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ISO/TR 79:2015 summarizes the state of the art of the production and certification or characterization of qualitative property reference materials (RMs). The need for guidance documents for the production of RMs certified for qualitative properties was recognized by many experts. At the same time, the available information was found to be too immature to develop an internationally accepted guidance document. Additionally, the lack of an international vocabulary for terms and definitions for qualitative properties made it more difficult for the experts from various testing areas to communicate with each other. ISO/TR 79 summarizes the available expertise. It aims to contribute to the on-going discussion on nominal properties and the production of such RMs. The investigation of nominal properties is referred to differently in various specialized areas (examination, classification, identification, testing, observation, etc.). ISO/TR 79 tries to foster the future development of an internationally harmonized guidance document.
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ISO Guide 30:2015 recommends terms and definitions that should be assigned to them when used in connection with reference materials, with particular attention to terms that are used in reference material certificates and corresponding certification reports.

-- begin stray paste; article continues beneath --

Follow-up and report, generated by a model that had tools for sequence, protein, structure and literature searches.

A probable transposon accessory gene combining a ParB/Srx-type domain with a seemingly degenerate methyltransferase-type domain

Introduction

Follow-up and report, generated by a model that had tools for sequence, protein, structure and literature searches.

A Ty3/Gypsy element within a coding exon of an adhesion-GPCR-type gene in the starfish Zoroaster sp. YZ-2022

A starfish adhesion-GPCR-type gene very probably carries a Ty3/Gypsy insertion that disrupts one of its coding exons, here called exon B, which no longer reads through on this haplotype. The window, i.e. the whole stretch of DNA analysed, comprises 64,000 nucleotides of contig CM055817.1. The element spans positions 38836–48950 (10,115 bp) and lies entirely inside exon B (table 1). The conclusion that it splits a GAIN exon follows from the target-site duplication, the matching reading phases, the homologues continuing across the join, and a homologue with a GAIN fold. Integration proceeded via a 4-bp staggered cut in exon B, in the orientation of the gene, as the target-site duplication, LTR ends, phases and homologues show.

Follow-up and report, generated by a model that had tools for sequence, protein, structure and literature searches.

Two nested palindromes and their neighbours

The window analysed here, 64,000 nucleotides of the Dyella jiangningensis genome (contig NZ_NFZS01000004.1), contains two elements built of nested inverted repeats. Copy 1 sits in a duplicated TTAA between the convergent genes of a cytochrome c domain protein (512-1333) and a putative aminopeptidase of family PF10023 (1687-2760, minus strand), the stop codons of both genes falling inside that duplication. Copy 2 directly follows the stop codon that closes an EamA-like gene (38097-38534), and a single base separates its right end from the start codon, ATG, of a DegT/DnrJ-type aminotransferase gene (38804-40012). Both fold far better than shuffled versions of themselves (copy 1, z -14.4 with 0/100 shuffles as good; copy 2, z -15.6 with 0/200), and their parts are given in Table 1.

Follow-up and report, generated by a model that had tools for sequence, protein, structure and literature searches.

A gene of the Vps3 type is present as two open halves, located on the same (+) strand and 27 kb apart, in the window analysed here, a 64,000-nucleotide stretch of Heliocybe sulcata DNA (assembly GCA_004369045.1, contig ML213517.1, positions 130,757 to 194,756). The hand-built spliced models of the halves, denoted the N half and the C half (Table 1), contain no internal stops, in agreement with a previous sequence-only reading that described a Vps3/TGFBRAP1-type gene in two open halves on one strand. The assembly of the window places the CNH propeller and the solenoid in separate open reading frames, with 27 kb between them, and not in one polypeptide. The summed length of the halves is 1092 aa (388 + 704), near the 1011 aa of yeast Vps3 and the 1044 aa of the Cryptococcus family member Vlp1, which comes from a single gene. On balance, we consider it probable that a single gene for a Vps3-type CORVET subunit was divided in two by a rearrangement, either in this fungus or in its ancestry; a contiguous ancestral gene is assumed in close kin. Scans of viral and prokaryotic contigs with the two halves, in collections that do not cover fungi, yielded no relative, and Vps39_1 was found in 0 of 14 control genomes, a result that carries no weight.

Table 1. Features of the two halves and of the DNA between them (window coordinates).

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ISO Guide 33:2015 describes good practice in using reference materials (RMs), and certified reference materials (CRMs) in particular, in measurement processes. These uses include the assessment of precision and trueness of measurement methods, quality control, assigning values to materials, calibration, and the establishment of conventional scales. This Guide also relates key characteristics of various types of RMs to the different applications. For CRMs, the metrological traceability of the property values to international scales or other measurement standards has been established. For RMs not being CRMs, this kind of traceability of property values has often not been established. Nevertheless, these RMs can still be used for assessing parts of measurement procedures, including evaluating various levels of precision Mainstream applications of RM include precision control, bias assessment, calibration, preparation of calibration RMs and maintaining conventional scales. NOTE Not all types of RMs can be used for all indicated purposes. The preparation of RMs for calibration is also part of the scope of ISO Guides 34 and 35. The treatment in this Guide is limited to the fundamentals of small-scale preparation of RMs and the value assignment, as used by laboratories to calibrate their equipment. Larger scale production of such RMs, with the possible aim of distribution is beyond the scope of this Guide. This type of activity is covered in ISO Guides 34 and 35. The development of working standards, as used in, e.g. natural gas analysis, clinical chemistry, and the pharmaceutical industry is not covered in this Guide. This type of activity is covered in ISO Guides 34 and 35.